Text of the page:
The Orca3D speed/power prediction for planing hulls is based on the well-known Savitsky method. The Savitsky method was developed for single-chined, prismatic forms (i.e., constant deadrise), within particular limits for length/beam ratio, deadrise angle, etc. The method is based on finding an equilibrium of forces and moments, using parametric estimates of dynamic lift and drag, coupled with hydrostatic and gravity forces.

Warped hulls, chine flats, bottom flats, rocker, etc. change the physics from the assumptions in the Savitsky method but, in general, the changes are not so dramatic that the method cannot still provide reasonable estimates. Stepped hulls, on the other hand, dramatically change the physics, and are outside of the bounds of a Savitsky analysis. Without a lot of historical experience benchmarking full-scale data for similar hulls, at best you might use it to determine if the combination of length, beam, deadrise, and displacement are reasonable. Presumably a stepped hull that ventilates properly would improve the performance over a non-stepped hull of similar proportions.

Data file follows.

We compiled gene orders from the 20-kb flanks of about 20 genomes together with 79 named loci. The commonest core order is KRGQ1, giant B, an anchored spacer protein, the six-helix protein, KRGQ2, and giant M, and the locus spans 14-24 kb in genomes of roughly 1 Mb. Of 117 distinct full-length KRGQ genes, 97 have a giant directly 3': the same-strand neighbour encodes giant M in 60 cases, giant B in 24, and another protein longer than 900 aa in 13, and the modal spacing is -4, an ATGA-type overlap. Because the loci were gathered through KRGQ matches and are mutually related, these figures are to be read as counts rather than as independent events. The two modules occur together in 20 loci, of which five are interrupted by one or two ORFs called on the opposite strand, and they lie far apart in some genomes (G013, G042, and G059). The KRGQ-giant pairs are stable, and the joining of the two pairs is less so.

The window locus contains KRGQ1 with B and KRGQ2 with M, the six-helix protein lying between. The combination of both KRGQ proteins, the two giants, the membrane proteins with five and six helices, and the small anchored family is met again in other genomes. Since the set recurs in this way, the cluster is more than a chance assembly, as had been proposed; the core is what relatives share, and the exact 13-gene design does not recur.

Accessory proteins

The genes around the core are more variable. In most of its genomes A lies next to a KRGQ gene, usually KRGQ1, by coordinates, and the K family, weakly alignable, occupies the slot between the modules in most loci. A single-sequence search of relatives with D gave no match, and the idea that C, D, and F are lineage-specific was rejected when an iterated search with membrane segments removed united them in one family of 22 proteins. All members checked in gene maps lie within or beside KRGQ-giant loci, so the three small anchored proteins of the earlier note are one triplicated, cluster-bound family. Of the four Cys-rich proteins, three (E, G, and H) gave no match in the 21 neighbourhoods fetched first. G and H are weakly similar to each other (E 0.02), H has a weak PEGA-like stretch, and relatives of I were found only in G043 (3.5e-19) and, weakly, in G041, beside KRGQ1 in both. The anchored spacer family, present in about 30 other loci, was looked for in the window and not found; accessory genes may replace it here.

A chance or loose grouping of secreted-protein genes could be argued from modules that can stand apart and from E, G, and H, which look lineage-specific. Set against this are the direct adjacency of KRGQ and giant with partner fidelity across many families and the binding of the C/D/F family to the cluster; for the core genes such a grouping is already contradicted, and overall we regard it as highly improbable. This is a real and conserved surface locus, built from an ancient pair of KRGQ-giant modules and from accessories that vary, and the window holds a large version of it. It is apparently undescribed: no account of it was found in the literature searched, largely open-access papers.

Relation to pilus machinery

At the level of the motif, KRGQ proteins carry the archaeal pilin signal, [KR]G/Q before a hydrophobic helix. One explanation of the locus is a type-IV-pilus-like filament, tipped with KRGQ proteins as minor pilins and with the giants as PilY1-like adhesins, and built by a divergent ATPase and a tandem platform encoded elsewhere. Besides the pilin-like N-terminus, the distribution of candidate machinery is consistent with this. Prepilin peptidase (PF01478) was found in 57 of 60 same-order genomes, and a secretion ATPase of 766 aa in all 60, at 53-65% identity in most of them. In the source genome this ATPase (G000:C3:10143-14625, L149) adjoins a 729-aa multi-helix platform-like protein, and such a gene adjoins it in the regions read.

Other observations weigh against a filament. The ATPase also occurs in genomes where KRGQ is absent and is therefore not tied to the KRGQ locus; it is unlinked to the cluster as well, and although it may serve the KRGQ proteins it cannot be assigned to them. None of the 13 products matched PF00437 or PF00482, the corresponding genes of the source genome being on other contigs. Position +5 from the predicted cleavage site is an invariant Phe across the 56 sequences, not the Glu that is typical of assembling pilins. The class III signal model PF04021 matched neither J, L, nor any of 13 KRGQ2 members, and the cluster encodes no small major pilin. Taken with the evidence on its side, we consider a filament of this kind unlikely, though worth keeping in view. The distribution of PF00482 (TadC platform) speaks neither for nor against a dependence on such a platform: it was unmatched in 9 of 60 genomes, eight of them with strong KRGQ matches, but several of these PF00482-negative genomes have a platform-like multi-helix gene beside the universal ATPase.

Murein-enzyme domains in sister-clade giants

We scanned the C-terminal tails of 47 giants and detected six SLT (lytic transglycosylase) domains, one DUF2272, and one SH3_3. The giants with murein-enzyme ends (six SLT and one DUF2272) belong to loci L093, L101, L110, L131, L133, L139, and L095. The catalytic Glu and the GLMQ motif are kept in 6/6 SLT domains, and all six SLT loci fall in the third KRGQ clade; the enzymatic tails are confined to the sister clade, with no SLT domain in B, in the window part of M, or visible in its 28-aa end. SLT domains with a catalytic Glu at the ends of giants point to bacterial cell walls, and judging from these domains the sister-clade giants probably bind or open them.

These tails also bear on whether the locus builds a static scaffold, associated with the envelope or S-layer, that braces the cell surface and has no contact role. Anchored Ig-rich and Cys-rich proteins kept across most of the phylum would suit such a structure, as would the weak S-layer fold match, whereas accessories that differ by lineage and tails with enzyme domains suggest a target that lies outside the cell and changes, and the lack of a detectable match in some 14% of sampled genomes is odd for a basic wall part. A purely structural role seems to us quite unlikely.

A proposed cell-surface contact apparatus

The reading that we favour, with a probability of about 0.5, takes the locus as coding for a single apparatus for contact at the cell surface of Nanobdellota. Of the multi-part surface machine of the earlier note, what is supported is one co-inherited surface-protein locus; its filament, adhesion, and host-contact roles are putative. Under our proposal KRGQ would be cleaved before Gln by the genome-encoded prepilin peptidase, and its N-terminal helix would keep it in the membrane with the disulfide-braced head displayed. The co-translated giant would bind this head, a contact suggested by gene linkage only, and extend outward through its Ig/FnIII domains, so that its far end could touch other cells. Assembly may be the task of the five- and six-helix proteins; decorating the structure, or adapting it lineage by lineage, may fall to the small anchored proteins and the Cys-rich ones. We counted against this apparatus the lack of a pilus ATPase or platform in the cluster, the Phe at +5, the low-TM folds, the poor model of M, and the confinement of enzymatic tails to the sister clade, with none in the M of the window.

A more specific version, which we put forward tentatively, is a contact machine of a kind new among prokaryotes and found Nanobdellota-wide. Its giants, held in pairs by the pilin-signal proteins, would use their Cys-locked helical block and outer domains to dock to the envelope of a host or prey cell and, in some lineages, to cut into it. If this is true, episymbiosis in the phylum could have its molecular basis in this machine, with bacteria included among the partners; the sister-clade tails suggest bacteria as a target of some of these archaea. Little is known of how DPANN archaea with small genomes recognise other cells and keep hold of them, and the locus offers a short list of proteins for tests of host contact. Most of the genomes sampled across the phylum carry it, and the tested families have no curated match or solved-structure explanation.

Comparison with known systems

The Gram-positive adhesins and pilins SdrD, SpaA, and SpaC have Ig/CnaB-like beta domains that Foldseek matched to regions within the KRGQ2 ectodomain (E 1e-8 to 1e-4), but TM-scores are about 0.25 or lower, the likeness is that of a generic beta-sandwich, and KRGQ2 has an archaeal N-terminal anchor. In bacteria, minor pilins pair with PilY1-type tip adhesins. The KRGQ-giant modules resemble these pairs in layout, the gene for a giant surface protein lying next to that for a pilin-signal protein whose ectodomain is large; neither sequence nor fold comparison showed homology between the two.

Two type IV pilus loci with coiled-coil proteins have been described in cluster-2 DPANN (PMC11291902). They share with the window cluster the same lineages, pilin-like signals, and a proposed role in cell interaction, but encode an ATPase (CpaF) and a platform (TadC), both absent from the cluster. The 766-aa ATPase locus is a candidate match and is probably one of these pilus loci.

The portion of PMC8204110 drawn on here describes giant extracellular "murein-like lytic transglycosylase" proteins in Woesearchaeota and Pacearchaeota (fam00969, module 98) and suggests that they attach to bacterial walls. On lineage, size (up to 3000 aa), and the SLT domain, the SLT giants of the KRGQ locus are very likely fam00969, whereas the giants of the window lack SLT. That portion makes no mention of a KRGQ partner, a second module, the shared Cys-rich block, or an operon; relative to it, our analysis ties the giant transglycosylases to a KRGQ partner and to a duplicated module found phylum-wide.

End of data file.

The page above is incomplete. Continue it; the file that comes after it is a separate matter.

Hull geometries that don’t fall into the ranges used in the development of methods like Savitsky or parametric methods like Series 62, Holtrop, etc., are exactly why tools like Orca3D Marine CFD are so important. Because they take a first principles approach, they can analyze any shape and flow phenomena that you give them, and are not limited to a particular range of geometries.